It was inevitable and yet it’s still heartbreaking to hear that Molly Moggs, London’s oldest LGBT venue, is to close its doors.
No doubt it will now become home to a dreary soul-less popcorn café run by bearded plaid-clad Shoreditch types replacing what was a unique and charming venue which held a very special place in our hearts. I not only had the privilege to work there but also to enjoy many a night out supping gin at Mollys with friends – friends made almost exclusively in the many bars and clubs that Soho has now lost. Molly’s had something irreplaceable and despite its tiny size, it always packed a huge punch.
It’ll be hugely missed as a very special venue and it’s yet another jewel in Soho’s crown that’s being gouged out and flogged to the highest bidder. And that’s shameful. It began with the tearing down of the Astoria, a venue whose importance was overlooked by the then Mayor of London and was simply erased from the map of LGBT London to make way for Crossrail. And who was to complain? Why bother with the protests of a few gays? They had plenty of other places to go.
A few years ago when Madam Jojos closed, we saw a march along Old Compton St to save the venue. I suppose there were about 300 people present and I was genuinely pleased to see the community fighting back. But what they were actually fighting against was their own failure. Yes, gentrification played a role in its demise but arguably that had been on the cards since the last brick of the Astoria was thrown unceremoniously into a skip. The real lesson from the loss of that venue should have been that unique and special LGBT spaces needed the support of the community even more. And yet that lesson wasn’t learned.
One by one, wonderful venues have toppled like a rhinestone encrusted pack of cards and as each one went, we saw more protests. The Stag. The Green Carnation. Escape. Jojos. These have now been consigned to history and not because of cruel and ruthless developers but because of the LGBT community’s new intake of young queens and party goers who decided that what they really wanted was cheap booze, a meat market set in bland decor with Spotify for a DJ and Grindr for a companion.
In my years at Jojos working with great names of the Soho scene such as the Very Miss Dusty O and Tasty Tim, we poured our guts into providing a unique space with great music, a welcoming crowd and fabulous entertainment. We did themed nights, pantomimes – hell, we even put on a live production of The Golden Girls. But despite our efforts, we always struggled against one thing: disinterest from younger patrons.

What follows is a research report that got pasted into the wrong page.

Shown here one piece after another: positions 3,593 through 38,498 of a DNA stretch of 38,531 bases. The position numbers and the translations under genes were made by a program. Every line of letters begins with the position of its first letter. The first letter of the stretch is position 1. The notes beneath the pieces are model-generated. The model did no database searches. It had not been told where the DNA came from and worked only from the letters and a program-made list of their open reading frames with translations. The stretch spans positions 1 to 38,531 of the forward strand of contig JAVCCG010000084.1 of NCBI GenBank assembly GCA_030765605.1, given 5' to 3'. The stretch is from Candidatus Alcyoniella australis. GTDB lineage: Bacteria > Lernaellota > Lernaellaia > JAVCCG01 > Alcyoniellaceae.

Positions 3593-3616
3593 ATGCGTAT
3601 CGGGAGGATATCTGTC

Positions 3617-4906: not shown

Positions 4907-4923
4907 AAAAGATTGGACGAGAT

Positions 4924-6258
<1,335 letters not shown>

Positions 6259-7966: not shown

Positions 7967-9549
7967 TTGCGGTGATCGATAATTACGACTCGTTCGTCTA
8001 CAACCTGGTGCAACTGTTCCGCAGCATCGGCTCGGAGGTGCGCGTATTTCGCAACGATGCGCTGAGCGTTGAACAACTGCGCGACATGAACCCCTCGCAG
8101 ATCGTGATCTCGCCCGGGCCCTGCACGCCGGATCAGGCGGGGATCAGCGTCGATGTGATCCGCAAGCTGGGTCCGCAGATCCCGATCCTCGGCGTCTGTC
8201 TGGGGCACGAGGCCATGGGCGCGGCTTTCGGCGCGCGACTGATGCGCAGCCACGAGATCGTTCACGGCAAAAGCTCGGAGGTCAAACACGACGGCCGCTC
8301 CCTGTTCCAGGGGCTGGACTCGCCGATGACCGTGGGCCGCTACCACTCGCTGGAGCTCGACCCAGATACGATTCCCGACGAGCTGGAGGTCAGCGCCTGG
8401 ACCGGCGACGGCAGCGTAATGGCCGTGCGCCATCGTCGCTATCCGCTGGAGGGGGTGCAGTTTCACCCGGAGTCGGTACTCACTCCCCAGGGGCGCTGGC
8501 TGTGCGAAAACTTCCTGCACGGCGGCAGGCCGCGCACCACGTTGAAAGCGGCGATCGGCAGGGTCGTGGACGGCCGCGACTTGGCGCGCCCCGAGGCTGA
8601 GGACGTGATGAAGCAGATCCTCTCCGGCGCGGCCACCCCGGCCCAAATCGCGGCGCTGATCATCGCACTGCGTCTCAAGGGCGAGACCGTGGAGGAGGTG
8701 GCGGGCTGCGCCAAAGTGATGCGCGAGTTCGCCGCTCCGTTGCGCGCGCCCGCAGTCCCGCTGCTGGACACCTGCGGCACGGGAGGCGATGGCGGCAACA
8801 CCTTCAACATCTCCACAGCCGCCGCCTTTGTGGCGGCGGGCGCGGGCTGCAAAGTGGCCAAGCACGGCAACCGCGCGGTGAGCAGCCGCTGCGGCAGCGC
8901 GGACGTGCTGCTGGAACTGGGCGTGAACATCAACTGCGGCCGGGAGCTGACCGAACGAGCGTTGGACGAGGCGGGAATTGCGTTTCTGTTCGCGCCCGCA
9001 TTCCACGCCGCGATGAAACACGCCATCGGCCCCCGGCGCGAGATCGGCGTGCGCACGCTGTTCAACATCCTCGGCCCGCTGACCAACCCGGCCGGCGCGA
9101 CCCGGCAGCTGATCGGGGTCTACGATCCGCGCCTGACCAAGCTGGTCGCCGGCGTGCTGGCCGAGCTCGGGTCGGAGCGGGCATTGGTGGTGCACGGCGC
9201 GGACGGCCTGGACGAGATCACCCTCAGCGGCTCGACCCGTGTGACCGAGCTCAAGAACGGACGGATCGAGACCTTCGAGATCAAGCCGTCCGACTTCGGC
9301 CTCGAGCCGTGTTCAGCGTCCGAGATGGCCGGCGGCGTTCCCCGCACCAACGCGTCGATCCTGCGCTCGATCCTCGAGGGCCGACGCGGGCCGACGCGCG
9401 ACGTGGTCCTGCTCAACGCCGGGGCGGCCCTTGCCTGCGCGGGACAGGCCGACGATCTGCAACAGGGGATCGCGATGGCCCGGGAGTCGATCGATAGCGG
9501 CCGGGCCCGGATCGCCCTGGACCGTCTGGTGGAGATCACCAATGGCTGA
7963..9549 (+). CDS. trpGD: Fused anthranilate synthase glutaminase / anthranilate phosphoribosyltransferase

During my seven years at that venue, I didn’t see one face present in that crowd of 300 marching angrily down Old Compton St who actually came to any of those nights and put a few quid behind the bar. When the venues stopped making a profit, the next step was always going to be to see them taken over by developers and so, if gay London IS dying – it’s because the primary symptom has been disinterest from customers. These places were not charities. They were businesses. They needed customers. They needed you. When smaller venues (which will always need more support than bigger chains) close, the outpouring of anger and frustration is understandable but please do not write it off as “gentrification”. It isn’t.
It’s the hypocrisy of a generation of LGBT patrons who moan and whine about not having a choice in where they party but who did nothing to actually support the hard working artists, bar staff, DJs, performers and bar owners who provided that variety. Goodwill doesn’t pay the rent. If we have lost Mollys, Jojos, the Carnation and the Stag (among many others), it’s because of a lack of real and tangible support from customers. Some always remained loyal. There are younger queens who really did appreciate the variety on offer and who worked hard to keep it all going. But the majority only ever seemed to mince past the doors on the hunt for the cheapest vodka on the street. And Soho is now a far duller place as a result.
So let’s not have slings and arrows thrown at the developers alone shall we? Let’s actually look at the root cause. If you want unique venues, you have to support them. And when you don’t, they’re consigned to history at the expense of us all who built our families from the friends we made in those venues which were so much more to us than places to get wasted and f***ed. It’s happened in London but it needn’t happen elsewhere. If your town has a friendly, welcoming LGBT venue then don’t just pass it by because the drinks might be a little more expensive or because it doesn’t have the latest star of RuPaul’s Drag Race on its stage. SUPPORT IT. Become a part of it. Build it up. Make it your home. You’ll only come to regret that you didn’t once it’s gone.
Kaye Crawford is a performer and biographer. Her most recent book is Roll Out the Beryl: The Authorised Biography of Beryl Reid. You can follow her on Twitter @TheKayeCrawford.
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